highway beautification

highway prettification’s been a problem

since appius claudius cæcus

decided to move his legions

faster, farther, and more efficiently


in all these years—

nay, millennia—

of highway engineering,

only romans invented

a decent landscaping program


romans planted romans

along the shoulder of the appian way

in single-eyebrowed mausoleums,

sprawling columbaria that the slaves kept garden fresh


i imagine gravestones, urns, mausoleums

decorated with crosses, stars of david,

vases, crescent moons, bronze baby booties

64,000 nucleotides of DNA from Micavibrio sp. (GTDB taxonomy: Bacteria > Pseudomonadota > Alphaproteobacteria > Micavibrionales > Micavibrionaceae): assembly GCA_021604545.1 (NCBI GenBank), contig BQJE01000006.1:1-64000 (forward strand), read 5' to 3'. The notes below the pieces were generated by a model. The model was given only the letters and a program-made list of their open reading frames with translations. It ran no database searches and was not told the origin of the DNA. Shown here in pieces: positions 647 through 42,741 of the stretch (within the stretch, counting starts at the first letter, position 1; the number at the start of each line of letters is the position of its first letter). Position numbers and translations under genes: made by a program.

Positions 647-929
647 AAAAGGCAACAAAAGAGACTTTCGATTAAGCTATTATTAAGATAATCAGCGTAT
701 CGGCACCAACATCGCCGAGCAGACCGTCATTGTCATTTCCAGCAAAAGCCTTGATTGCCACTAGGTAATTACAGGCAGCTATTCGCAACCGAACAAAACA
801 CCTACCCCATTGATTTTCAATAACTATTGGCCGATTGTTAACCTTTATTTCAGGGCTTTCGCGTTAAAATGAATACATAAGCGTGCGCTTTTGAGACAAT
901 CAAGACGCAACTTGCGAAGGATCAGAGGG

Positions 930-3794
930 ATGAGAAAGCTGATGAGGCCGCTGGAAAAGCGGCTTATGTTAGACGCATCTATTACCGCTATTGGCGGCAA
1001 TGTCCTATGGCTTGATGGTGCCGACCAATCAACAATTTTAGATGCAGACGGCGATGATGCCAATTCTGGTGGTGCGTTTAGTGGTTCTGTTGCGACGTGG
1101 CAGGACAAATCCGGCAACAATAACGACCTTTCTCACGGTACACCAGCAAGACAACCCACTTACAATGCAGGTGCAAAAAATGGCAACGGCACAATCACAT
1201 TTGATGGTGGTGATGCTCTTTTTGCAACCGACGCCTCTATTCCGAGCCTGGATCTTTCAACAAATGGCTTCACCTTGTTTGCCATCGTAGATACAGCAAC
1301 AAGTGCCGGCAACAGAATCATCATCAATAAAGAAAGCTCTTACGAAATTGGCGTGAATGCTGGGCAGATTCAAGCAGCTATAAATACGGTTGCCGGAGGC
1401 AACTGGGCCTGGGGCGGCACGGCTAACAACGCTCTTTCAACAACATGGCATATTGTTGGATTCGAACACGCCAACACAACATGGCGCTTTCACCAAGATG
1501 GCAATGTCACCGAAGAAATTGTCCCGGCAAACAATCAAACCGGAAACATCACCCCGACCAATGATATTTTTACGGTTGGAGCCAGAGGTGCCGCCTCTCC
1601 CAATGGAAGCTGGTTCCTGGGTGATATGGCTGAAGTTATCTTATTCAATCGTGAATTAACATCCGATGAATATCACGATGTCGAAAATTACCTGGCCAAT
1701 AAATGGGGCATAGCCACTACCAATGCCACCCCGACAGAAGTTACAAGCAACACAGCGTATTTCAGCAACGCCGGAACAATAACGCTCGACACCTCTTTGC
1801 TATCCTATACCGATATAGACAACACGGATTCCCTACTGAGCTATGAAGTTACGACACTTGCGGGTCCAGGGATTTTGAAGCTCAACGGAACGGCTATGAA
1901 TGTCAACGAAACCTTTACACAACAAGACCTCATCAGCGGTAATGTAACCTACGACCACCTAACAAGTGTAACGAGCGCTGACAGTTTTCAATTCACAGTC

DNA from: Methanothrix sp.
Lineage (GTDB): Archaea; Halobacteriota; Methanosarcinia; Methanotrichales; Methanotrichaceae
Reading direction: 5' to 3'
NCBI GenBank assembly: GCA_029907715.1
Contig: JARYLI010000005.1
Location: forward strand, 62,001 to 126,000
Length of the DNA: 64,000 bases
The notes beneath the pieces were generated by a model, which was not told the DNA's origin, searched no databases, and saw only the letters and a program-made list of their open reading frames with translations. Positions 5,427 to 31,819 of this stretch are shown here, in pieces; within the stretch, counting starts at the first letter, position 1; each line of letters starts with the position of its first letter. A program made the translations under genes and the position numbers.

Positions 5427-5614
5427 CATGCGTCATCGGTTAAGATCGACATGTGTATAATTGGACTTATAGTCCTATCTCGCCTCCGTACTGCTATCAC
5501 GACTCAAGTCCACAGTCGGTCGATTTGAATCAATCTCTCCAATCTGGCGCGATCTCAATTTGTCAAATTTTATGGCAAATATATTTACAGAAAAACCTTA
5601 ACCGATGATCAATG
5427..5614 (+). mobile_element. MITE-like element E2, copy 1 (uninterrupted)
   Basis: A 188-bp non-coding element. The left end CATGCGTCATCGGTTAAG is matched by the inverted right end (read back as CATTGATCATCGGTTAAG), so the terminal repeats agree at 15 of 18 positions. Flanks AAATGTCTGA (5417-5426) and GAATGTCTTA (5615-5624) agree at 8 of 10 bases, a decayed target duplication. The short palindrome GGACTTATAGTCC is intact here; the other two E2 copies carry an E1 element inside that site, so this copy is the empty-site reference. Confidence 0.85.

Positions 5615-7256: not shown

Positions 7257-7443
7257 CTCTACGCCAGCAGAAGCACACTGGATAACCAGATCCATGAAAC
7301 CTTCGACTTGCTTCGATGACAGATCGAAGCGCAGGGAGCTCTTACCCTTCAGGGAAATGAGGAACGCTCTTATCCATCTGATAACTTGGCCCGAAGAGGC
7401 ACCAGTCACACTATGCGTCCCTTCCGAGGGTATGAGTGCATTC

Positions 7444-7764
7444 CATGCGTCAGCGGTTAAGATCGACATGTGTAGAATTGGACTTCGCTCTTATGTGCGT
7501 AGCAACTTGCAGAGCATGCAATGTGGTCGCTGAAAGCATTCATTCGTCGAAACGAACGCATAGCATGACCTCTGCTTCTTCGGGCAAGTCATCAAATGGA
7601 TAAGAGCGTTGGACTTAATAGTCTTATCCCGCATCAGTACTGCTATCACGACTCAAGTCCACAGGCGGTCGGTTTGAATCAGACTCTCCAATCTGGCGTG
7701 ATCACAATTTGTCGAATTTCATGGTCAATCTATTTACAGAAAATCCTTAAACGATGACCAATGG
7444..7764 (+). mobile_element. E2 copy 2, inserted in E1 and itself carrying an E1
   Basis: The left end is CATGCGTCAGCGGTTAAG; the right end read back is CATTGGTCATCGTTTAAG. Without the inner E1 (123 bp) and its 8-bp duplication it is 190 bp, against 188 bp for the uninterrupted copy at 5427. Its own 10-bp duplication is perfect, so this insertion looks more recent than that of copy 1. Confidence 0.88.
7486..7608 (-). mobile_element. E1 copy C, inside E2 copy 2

for a hundred thousand miles of drab,

debris-beleaguered blight


i see death behind guardrails,

along shoulders of interstate,

four- and two-lane urban and rural highway


no more need to plant or mow,

to send people in orange vests

to pluck plastic shopping bags,

sun-faded wreaths, and litter

from no-man’s land

Published by

Patrick Dobson

Patrick Dobson was founded in 1962. He is a writer, scholar, ironworker, and poet who lives in Kansas City, MO. He is author of two books with the University of Nebraska Press, Seldom Seen: A Journey into the Great Plains (2009) and Canoeing the Great Plains: A Missouri River Summer (May 2015). Dobson is a work in progress until termination.

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